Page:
This is a song that my sister Alex introduced me to back in 2013, and it really struck a chord with me. At first it was painful to listen to because I associated it with her (she’s living in Australia and I miss her every day), but when I listened to the lyrics I realised that this song aptly encapsulates the message of my ‘novel’ – the notion of a society that is reluctant to change: (‘If you close your eyes, does it almost feel like nothing changed at all?’) Every time I hear it, I think of the Independent Living Movement and how it sometimes feels that we are getting no closer to achieving equality for disabled people.

   2. Talking ’bout a Revolution – Tracy Chapman:

Thanks to my friend Orla, I’m still a shameless Tracy fan. Almost thirty years later, ‘Talking ’bout a Revolution’ is still as relevant as it ever was. Our government continues to create social divide and while we are all furious, we can’t seem to change anything; revolution in Ireland sounds ‘like a whisper’. My love affair with Tracy Chapman started shortly before I read To Kill a Mockingbird. and for me this song – and indeed all of her music – demonstrates the importance of denouncing discrimination. All of her music is slightly uncomfortable, and again reflective of a society that is slow to change.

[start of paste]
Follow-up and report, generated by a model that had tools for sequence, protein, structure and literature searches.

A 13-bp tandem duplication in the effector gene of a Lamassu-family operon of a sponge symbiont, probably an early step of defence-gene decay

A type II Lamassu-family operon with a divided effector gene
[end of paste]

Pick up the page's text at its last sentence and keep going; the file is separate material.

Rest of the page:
3. Dear Mr President – Pink:

This song is so different from Pink’s usual ‘in your face’ style, which makes it even more poignant. Although the song is addressed to former President George Bush, it could also be directed at Donald Trump or even Enda Kenny (‘How do you feel when you see the homeless on the streets? … How do you sleep while the rest of us cry?’) The line ‘how do you dream when a mother has no chance to say goodbye?’ hits me every time as I think of all the women across Ireland who were forcibly separated from their babies over the last century (including the protagonist of my novel and her mother). A history that, in Ireland, we are still too embarrassed to talk about.

 

4. Just a Girl – No Doubt:

The tone of this song is slightly more upbeat – and more angry. It’s the ultimate feminist song, a call for women to be treated equally. It’s sarcastic from start to finish (‘don’t you think I know exactly where I stand?’ ‘I’m just a girl, guess I’m some kind of freak.’) It’s a song about being tired of being defined and controlled within a patriarchal society. And I can relate to how annoying this is (‘Oh I’ve had it up to here’).

 

5. Turning Tables – Adele:

This is an important song to me because the music and lyrics capture the relationship between Rachel (the protagonist of my story) and Sister Anthony (the antagonist). Anthony is Rachel’s carer but she abuses her power, and her words and actions mould Rachel into a person who believes she is worthless. As Rachel moves away from residential care, Anthony’s words continue to haunt her (‘under haunted skies I see you, and where love is lost your ghost is found’). Rachel needs to forgive Anthony her mistakes in order to move forward, but has built an emotional wall (‘I won’t let you close enough to hurt me’).

 

Admittedly, these aren’t the cheeriest of songs, but they really help to get the creative juices flowing. Don’t worry, I’ll use headphones, I promise.